Data security

Data integrity and security is essential. Databases must be operated on secure servers, and access to modifying data and content on the database should be restricted to the curators [1].

Mechanisms should be implemented to secure and control disclosure of data, including [2]:

  • Password protection
  • Data encryption
  • Assigning and managing levels of access for public viewers, registered viewers, submitters, curators and administration
  • Access audits: review of access logs and database user statistics

All components of the software and server, and any backup systems, are recommended to be reviewed regularly for security vulnerabilities, including:

  • the DBMS
  • the web server
  • the operating system.

A documented procedure/policy should be identified and readily available to be implemented in the event of a security breach/unauthorized access [2].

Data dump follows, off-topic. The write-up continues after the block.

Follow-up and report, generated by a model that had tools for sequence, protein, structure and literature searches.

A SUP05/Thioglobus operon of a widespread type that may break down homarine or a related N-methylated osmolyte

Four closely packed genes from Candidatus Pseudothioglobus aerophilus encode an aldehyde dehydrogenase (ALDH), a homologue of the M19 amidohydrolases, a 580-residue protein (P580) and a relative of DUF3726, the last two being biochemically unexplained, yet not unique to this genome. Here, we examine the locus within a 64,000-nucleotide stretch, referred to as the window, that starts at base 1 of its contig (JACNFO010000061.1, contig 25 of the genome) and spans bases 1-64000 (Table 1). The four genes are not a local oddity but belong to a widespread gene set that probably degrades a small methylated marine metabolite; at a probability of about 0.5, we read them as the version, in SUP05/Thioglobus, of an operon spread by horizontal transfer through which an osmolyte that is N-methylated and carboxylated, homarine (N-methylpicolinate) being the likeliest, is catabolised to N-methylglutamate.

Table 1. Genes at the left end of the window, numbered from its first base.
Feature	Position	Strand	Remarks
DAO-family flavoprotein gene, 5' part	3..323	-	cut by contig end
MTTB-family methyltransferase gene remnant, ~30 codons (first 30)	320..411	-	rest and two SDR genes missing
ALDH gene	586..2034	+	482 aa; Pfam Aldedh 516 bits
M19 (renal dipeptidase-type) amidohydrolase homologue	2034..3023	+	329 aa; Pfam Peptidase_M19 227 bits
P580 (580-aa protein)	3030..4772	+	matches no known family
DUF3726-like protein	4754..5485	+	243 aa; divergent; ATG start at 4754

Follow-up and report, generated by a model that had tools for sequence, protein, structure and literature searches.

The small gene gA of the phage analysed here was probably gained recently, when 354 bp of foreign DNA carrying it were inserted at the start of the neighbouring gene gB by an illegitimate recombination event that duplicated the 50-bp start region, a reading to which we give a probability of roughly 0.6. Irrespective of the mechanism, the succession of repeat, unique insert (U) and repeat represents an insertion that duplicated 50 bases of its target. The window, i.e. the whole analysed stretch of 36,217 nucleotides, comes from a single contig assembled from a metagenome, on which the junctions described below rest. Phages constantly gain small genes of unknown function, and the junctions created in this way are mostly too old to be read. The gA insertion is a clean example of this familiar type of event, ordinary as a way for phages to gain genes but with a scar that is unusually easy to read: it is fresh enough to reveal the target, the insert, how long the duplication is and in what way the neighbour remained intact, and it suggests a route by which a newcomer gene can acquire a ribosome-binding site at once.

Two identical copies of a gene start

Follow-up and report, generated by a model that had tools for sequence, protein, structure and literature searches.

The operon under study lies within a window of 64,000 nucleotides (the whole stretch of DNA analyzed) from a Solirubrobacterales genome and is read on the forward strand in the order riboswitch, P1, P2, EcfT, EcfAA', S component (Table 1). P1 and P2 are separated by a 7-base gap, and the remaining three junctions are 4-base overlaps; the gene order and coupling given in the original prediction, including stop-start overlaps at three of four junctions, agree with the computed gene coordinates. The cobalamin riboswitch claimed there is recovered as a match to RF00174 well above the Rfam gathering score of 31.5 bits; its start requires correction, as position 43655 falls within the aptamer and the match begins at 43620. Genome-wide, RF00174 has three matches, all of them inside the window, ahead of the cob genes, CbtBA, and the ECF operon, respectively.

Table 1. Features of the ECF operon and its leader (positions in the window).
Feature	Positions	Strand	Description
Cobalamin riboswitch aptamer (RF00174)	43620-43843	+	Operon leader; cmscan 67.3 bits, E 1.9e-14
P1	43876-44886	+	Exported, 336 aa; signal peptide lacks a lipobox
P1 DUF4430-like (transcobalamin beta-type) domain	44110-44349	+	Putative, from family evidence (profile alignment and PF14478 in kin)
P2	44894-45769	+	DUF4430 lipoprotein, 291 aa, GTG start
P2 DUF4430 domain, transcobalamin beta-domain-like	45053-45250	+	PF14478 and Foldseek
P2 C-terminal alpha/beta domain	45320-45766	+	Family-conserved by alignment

For databases that contain clinical information, compliance with relevant health information systems and security standards is often necessary [2].

Data authenticity

Authenticity of digital data records relates to both integrity and identity, and is essential that these are maintained [2].

INTEGRITY
Is the quality of the record (data entry) being complete and unaltered [2].
IDENTITY
Is the features of the record (data entry) that uniquely identifies and distinguishes it from other records [2].

Records should be as complete and unaltered as possible, unintended alterations to the data or the identity of the record due to malicious intent, technical infrastructure of the operating system or by hardware failure is a breach of authenticity [2].

One possible means of ensuring permanency and authenticity is to create a new record within the database each time an existing record is edited.

A policy with regards to regular back-up maintenance should be implemented [2]. Back-up system should be maintained so in the event of a catastrophic failure, all data can be reinstated with minimal reconstruction.

Maintenance should be at regular intervals to minimise data loss.

References

  1. 1.Vihinen, M., Dunnen, J.T. den, Dalgleish, R., and Cotton, R.G.H. Guidelines for establishing locus specific databases. Human Mutation 33, 2 (2012), 298–305.
  2. 2.Royal College of Pathologists of Australia. Standards for clinical databases of genetic variants. 2014.